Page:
How Medical Practices can Better Handle Revenue Cycle Management in 2023

by | Published on Mar 8, 2023 | Medical Billing

How Medical Practices can Better Handle Revenue Cycle Management in 2023
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Revenue cycle management (RCM) is the process that healthcare facilities implement to obtain reimbursement for services provided. It involves many steps, from patient eligibility verification and registration to medical coding, claims submission and denials management. Every healthcare organization needs a smoothly operating revenue cycle with compliant billing and coding processes that maintain cash flow. However, the past two years posed unique challenges for RCM that threatened the survival of medical practices and other healthcare facilities. With new administrative regulations and billing and coding requirements and challenges of collecting payments from a financially-depleted patient base, practices struggled to manage RCM.

Many practices are working with medical billing companies to maintain their cash flow, reduce operational costs, and stay compliant while delivering high-quality care. Looking ahead, there are many things that practices can do to better handle RCM in 2023 and beyond.

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  • Focus on Revenue Optimization: Managing the business aspects of a medical practice requires considerable skill. While prioritizing quality patient care and improving customer service aspects, effective cost management is crucial to the survival and growth of a practice. Overhead costs include direct costs (staffing and medical equipment, and other costs related to patient care), fixed costs (office rent and malpractice insurance), and variable costs that change with the practice’s activity level (such as medication and supplies). During the pandemic, practices faced increased costs related to COVID-19 (such as PPE equipment costs) and lost revenue due to cancellation of outpatient office visits and elective procedures.

To ease financial strain, practices need to plug revenue leakage and strive to maintain a regular, optimized cash flow by:

    •  Paying attention to money going out in the form of overhead costs, payroll and miscellaneous expenses and cutting unnecessary expenditures to save money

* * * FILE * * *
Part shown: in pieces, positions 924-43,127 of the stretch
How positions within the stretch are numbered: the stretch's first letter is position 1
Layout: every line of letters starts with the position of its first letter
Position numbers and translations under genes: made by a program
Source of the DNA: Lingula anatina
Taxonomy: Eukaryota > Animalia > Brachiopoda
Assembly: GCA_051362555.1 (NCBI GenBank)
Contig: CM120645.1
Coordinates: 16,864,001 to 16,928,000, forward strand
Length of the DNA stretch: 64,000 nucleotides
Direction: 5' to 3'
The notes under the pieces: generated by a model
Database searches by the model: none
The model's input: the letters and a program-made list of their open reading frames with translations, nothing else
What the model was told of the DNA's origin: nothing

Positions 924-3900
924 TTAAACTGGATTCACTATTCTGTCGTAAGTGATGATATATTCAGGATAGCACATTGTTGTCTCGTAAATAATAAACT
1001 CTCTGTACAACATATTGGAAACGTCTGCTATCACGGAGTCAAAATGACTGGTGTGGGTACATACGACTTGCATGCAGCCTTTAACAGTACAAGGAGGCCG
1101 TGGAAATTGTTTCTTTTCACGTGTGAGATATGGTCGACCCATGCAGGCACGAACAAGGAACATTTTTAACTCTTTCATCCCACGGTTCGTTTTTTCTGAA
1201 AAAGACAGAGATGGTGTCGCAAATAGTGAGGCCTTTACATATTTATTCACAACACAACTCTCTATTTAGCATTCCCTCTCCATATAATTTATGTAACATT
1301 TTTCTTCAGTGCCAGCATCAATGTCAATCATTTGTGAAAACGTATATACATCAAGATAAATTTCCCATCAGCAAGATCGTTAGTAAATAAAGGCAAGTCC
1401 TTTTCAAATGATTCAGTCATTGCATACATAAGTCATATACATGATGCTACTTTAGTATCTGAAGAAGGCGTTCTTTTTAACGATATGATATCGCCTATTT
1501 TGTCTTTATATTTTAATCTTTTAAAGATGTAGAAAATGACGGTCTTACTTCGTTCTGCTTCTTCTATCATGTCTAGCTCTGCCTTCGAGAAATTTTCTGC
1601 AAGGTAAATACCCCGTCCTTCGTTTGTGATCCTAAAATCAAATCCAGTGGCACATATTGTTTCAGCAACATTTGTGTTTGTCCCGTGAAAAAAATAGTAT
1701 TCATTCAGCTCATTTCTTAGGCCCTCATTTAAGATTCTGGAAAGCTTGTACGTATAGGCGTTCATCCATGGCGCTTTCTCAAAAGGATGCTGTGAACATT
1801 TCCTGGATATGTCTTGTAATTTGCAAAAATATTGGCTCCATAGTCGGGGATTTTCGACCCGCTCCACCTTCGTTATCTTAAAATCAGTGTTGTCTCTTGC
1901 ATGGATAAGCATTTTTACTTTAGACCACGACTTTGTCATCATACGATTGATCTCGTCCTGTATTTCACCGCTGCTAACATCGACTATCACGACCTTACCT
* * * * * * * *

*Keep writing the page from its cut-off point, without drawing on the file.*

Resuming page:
• Prioritizing collections and manage denials management to capture every dollar owed

Outsourcing is a viable strategy to reduce costs in these challenging times as it helps practices avoid major investments in infrastructure, software, and personnel.

  •  Ensure efficient insurance verification and prior authorization: Patient financial responsibility has increased. Verifying patient coverageand determining their responsibility for payments (copayments, deductibles, and co-insurance) before the office visit is a key RCM step. Many medical services also require prior authorization and most specialties struggle to obtain them on time. Neglecting or ignoring these aspectscan lead to claim denials, affect cash flow, and negatively impact the patient experience.

Best practice to manage these important but time-consuming tasks is to hire an insurance verification and authorization expert.

  • Improve medical coding quality: Medical coding impacts every part of the revenue cycle that follows it.Accurate medical coding is crucial to ensure accurate claim submission and reimbursement for a smooth revenue cycle. ICD-10 and CPT codesand guidelines change every year and practices need to stay on top of these changes to report their services correctlyFor instance, CPT 2023 has new and revised codes in every section except anesthesia. Accurate coding is also important to report services correctly in new value-based care programs.